“If your dog goes missing, there’s a good chance it could be in a trap somewhere.  Don’t leave the area but go looking, it could save your pet’s life.”


Just Posted

A tent housing a mobile vaccination clinic. (Interior Health/Contributed)
Over 5K jabbed at Interior Health mobile COVID-19 vaccine clinics

The clinics have made stops in more than 40 communities since launching last week

Kimberley residents were treated to the first Farmers' Market of the season, and the feeling of a return to normalcy. Paul Rodgers photos.
WATCH: Kimberley’s first Farmers’ Market of the season

Kimberley residents enjoyed the first Farmers’ Market of the year on Thursday,… Continue reading

Provincial Health Officer Dr. Bonnie Henry talks about B.C.’s plan to restart the province during a press conference at Legislature in Victoria, Tuesday, May 25, 2021. THE CANADIAN PRESS/Chad Hipolito
Interior Health COVID-19 cases falling slower than the rest of B.C.

More than a third of provincial cases announced Thursday came from the Interior

Students at Creston Valley Secondary School put together an art installation of a replica residential school room. (Photo by Kelsey Yates)
Creston students create art installation of residential school room

The replica was decorated with a small bed, school uniform, and notes written with pleas for help

A small pod of Pacific white-sided dolphins pass by close to shore in Campbell River June 16, 2021. Still capture from video courtesy of Kimberly Hart
VIDEO: Dolphin sunset captured from Vancouver Island shore

Spectacular setting for view of travelling pod of Pacific white-sided dolphins

Bruce Springsteen performs at the 13th annual Stand Up For Heroes benefit concert in support of the Bob Woodruff Foundation in New York on Nov. 4, 2019. (Greg Allen/Invision/AP)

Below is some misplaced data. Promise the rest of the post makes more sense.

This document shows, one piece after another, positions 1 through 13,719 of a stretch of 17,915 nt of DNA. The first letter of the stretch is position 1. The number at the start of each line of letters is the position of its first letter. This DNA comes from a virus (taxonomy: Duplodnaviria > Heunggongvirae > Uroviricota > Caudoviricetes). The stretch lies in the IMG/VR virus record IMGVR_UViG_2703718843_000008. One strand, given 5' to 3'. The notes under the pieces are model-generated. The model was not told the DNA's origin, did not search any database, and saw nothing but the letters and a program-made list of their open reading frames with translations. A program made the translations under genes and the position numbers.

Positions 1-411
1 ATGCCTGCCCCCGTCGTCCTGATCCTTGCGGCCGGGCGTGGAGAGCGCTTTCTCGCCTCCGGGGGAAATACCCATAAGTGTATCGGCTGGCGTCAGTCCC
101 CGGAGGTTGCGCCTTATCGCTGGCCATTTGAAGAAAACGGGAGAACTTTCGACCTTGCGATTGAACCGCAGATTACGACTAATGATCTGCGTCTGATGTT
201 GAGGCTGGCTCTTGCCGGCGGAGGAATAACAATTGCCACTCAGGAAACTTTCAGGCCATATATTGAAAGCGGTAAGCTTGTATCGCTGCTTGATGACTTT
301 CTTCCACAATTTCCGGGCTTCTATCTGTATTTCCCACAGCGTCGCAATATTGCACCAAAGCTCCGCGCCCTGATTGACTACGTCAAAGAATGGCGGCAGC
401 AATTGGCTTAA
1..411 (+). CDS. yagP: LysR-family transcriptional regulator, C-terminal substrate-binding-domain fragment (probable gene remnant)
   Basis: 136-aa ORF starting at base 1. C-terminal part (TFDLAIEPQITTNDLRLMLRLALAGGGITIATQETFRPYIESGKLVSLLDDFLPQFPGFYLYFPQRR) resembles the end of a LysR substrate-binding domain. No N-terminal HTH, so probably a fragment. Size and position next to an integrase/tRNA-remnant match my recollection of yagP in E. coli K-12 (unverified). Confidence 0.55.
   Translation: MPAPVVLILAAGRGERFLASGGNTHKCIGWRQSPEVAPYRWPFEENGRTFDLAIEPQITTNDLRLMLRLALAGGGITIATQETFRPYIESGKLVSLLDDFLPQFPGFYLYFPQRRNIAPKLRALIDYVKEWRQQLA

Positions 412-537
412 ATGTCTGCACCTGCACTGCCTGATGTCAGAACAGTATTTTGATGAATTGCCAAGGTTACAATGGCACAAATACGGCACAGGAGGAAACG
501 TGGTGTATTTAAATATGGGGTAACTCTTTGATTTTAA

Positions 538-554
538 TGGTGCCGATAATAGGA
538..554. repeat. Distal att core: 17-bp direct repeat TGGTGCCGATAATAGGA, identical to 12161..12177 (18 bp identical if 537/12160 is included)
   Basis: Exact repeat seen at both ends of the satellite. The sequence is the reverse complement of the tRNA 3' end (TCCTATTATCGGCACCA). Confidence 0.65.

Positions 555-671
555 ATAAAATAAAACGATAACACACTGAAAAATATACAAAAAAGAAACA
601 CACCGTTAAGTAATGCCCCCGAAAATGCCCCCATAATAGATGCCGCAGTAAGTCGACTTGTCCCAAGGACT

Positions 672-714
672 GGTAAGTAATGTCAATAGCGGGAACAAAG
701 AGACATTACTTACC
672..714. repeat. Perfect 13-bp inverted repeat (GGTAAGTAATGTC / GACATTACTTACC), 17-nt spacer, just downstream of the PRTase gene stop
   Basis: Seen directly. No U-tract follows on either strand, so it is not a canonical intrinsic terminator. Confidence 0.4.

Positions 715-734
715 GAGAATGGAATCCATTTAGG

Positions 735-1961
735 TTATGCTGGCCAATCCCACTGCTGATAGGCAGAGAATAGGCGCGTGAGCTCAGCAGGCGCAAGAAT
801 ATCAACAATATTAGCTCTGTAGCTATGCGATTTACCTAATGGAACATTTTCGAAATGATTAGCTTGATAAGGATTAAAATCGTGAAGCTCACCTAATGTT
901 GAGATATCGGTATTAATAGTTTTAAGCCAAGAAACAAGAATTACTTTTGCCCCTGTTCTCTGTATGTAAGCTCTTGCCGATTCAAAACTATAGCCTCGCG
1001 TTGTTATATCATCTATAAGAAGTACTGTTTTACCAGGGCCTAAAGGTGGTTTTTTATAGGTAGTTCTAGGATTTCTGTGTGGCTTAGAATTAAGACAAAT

Canadians who got AstraZeneca shot can now see ‘Springsteen on Broadway’

B.C. mayor David Screech who received his second AstraZeneca dose last week can now attend the show

New research suggests wolves can be steered away from the endangered caribou herds they prey on by making the man-made trails they use to hunt harder to move along. THE CANADIAN PRESS/Nathan Denette
Culling cutlines, not B.C. wolves, key to preserving caribou herds: researcher

The government has turned to killing hundreds of wolves in an effort to keep caribou around

Gary Abbott (left) and Louis De Jaeger were two of the organizers for the 2014 Spirit of the People Powwow in Chilliwack. Monday, June 21, 2021 is Indigenous Peoples Day. (Jenna Hauck/ Chilliwack Progress file)
Unofficial holidays: Here’s what people are celebrating for the week of June 20 to 26

Indigenous Peoples Day, Take Your Dog to Work Day, Onion Rings Day all coming up this week

Gwen Spencer Hethey with her uncle and mentor Major Frederick Richardson. (Courtesy of Greater Victoria Sports Hall of Fame)
‘She was a killer’: The B.C. woman who pioneered female sharpshooting

Gwen Spencer Hethey made military men ‘look like turkeys’ says her son

Join Black Press Media and Do Some Good
Join Black Press Media and Do Some Good

Pay it Forward program supports local businesses in their community giving

Central Okanagan Grade 12 grads are set to get $500 each after a more than $1 million donation from a Kelowna couple. (File photo)
B.C. couple donating $500 to every Grade 12 student in the Okanagan

Anonymous donors identified as Kelowna entrepreneurs Lance and Tammy Torgerson

Rita Coolidge played the main stage at Vancouver Island Musicfest in 2017. (Black Press file photo)
This year’s Vancouver Island MusicFest to virtually showcase beauty of Comox Valley

Returning July 9 through 11 with more than 25 hours of music performances

British Columbia’s premier says he’s received a second dose of the Oxford-AstraZeneca COVID-19 vaccine. (Twitter/John Horgan)
B.C. premier gets 2nd dose of AstraZeneca COVID-19 vaccine

John Horgan shared a photo of himself on social media Friday afternoon holding a completed vaccination card

Most Read